The Rise of the Dutch Republic: A History - Vol. 3

By John Lothrop Motley | Go to book overview

dispelled the anarchy which seemed to reign supreme, William the Silent, having accepted the government of Flanders, which had again and again been urged upon him, now returned to Antwerp.1


CHAPTER III.

The Cologne conferences -- Intensions of the parties -- Preliminary attempt by government to purchase the Prince of Orange -- Offer and rejection of various articles among the plenipotentiaries -- Departure of the imperial commissioners -- Ultimatum of the States compared with that of the royal government -- Barren negotiations terminated -- Treason of De Bours, Governor of Mechlin -- Liberal theories concerning the nature of government -- Abjuration of Philip imminent -- Self-denial of Orange -- Attitude of Germany -- of England -- Marriage negotiations between Elizabeth and Anjou -- Orange favours the election of the Duke as sovereign -- Address and speeches of the Prince -- Parsimony and interprovincial jealousy rebuked. -- Secret correspondence of Count Renneberg with the royal government -- His treason at Groningen.

SINCE the beginning of May, the Cologne negotiations had been dragging their slow length along. Few persons believed that any good was likely to result from these stately and ponderous conferences; yet men were so weary of war, so desirous that a termination might be put to the atrophy under which the country was languishing, that many an eager glance was turned towards the place where the august assembly was holding its protracted session. Certainly, if wisdom were to be found in mitred heads -- if the power to heal angry passions and to settle the conflicting claims of prerogative and conscience were to be looked for among men of lofty station, then the Cologne conferences ought to have made the rough places smooth and the crooked paths straight throughout all Christendom. There was the Archbishop of Rossano, afterwards Pope Urban VII., as plenipotentiary from Rome; there was Charles of Aragon, Duke of Terranova, supported by five councillors, as ambassador from his Catholic Majesty; there were the Duke of Aerschot, the Abbot of Saint Gertrude, the Abbot of Marolles, Doctor Bucho Aytta, Caspar Schetz, Lord of Grobbendonck, that learned Frisian, Aggeus van Albada, with seven other wise men, as envoys from the states-general. There were their Serene Highnesses the Elector and Archbishops of Cologne and Treves, with the Bishop of Wurtzburg. There was also a numerous embassy from his imperial Majesty, with Count Otto de Schwartzenburg at its head.2

Here then were holiness, serenity, dignity, law, and learning in abundance. Here was a pope in posse, with archbishops, princes, dukes, jurisconsults, and doctors of divinity in esse, sufficient to remodel a world, if worlds were to be remodelled by such instruments. If protocols, replications, annotations, apostilles, could heal a bleeding country, here were the physicians to furnish those drugs in unlimited profusion. If reams of paper, scrawled over with barbarous technicalities, could smother and bury a quarrel which had its origin in the mutual antagonism of human elements, here were the men to scribble unflinchingly, till the reams were piled to a pyramid. If the same idea presented in many aspects could acquire additional life, here were the word-mongers who could clothe one shivering thought in a hundred thousand garments, till it attained all the majesty which decoration could impart. In truth, the envoys came from Spain, Rome, and Vienna, pro-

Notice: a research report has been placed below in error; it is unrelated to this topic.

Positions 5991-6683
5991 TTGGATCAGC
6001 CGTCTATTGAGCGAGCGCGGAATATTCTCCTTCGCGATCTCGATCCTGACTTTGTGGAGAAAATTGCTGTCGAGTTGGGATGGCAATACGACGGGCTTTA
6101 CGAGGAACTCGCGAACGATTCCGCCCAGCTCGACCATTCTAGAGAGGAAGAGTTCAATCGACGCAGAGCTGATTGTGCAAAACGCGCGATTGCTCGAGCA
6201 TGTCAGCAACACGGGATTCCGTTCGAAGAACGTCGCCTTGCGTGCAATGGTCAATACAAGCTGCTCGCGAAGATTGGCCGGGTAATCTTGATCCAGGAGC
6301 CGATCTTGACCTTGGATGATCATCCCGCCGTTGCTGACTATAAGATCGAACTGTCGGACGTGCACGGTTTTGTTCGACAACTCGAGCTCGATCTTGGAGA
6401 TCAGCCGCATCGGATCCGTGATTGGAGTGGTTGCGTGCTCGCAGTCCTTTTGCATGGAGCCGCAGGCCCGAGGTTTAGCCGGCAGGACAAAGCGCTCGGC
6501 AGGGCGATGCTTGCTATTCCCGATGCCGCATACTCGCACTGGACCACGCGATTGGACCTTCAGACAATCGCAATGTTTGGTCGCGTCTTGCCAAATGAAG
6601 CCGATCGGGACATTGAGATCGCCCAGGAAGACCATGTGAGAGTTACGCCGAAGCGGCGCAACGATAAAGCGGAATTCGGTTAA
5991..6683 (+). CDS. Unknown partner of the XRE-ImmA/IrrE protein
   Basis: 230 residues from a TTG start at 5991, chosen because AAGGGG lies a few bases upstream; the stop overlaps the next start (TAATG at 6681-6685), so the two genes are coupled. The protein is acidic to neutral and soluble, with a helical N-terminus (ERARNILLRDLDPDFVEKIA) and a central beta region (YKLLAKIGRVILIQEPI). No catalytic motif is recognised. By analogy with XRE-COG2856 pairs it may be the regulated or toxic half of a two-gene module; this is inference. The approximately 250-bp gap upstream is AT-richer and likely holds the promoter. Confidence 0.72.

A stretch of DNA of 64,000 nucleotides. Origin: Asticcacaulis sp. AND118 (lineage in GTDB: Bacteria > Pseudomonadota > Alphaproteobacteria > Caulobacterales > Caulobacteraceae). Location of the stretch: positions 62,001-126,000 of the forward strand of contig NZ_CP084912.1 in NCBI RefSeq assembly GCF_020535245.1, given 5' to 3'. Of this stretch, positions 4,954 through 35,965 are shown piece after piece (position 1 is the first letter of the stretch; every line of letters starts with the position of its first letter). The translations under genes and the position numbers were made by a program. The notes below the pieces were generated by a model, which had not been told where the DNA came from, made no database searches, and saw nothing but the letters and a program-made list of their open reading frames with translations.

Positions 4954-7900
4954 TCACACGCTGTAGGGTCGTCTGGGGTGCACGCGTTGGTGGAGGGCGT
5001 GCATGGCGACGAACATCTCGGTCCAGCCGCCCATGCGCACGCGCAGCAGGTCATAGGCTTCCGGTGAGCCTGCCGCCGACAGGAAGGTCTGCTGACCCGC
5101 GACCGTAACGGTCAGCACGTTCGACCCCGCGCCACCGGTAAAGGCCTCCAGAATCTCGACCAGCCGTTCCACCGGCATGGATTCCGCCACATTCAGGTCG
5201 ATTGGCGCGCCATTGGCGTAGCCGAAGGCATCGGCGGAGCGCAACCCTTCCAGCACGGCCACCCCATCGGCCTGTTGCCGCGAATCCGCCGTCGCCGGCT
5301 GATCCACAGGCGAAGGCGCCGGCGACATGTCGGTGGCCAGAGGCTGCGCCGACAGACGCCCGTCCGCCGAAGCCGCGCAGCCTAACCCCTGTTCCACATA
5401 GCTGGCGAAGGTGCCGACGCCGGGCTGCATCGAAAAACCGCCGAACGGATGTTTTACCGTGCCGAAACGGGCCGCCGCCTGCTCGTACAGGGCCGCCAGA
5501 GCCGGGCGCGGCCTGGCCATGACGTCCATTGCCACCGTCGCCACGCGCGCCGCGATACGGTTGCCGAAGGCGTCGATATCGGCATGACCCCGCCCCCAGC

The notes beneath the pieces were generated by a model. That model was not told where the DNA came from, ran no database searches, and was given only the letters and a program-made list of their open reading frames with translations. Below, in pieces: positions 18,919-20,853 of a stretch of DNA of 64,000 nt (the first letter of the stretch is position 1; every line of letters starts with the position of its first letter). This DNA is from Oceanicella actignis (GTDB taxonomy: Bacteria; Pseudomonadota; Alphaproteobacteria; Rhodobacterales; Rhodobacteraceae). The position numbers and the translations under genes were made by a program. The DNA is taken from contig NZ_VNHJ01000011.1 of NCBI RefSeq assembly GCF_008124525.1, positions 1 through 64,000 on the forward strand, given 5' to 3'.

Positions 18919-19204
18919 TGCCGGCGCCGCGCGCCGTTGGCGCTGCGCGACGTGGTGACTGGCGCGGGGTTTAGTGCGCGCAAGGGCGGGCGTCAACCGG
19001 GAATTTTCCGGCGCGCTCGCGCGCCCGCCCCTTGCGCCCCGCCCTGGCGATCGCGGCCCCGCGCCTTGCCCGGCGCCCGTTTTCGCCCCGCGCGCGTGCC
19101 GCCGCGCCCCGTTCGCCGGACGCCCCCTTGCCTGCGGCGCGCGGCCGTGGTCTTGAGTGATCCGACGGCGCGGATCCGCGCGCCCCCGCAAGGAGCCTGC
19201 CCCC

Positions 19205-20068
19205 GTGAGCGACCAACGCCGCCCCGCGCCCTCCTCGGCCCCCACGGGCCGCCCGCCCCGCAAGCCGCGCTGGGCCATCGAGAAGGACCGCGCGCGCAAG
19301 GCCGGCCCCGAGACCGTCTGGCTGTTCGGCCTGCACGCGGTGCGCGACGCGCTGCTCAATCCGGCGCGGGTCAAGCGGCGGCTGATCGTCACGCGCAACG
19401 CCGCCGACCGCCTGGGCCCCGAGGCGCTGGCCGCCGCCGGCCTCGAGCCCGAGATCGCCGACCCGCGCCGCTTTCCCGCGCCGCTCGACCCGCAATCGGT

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1
Archives, vii. 60, and Meteren, ix. 163b, but the Prince says, in his Apologie, published eighteen months later ( Dec. 1580), that he had hitherto, although often urged to accept, refused the government of Flanders. -- Apologie, etc., 108, 109. It is probable that his acceptance was only conditional, as, indeed, Meteren observes.
2
Bor, xiii. 52. Meteren, ix. 155

-813-

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The Rise of the Dutch Republic: A History - Vol. 3
Table of contents

Table of contents

  • Title Page iii
  • Preface v
  • Contents ix
  • The Rise of the Dutch Republic 1
  • Part I - Philip the Second in the Netherlands 50
  • Chapter I 50
  • Chapter II 70
  • Chapter III 104
  • Part II - Administration of the Duchess Margaret. 1559-1567 116
  • Chapter I 116
  • Chapter II 137
  • Chapter III 164
  • Chapter IV 191
  • Chapter V 215
  • Chapter VI 242
  • Chapter VII 273
  • Chapter VIII 286
  • Chapter IX 300
  • Chapter X 322
  • Part III - Alva. 1567-1573 335
  • Chapter I 335
  • Chapter II 361
  • Chapter III 393
  • Chapter IV 406
  • Chapter V 424
  • Chapter VI 447
  • Chapter VII 470
  • Chapter VIII 494
  • Chapter IX 518
  • Note 543
  • Part IV - Administration of the Grand Commander 545
  • Chapter I 545
  • Chapter II 566
  • Chapter III 582
  • Chapter IV 608
  • Chapter V 623
  • Part V - Don John of Austria 648
  • Chapter I 648
  • Chapter II 675
  • Chapter III 696
  • Chapter IV 717
  • Chapter V 746
  • Part VI - Alexander of Parma 769
  • Chapter I 769
  • Chapter II 795
  • Chapter III 813
  • Chapter IV 827
  • Chapter V 848
  • Chapter VI 866
  • Chapter VII 887
  • Index 905
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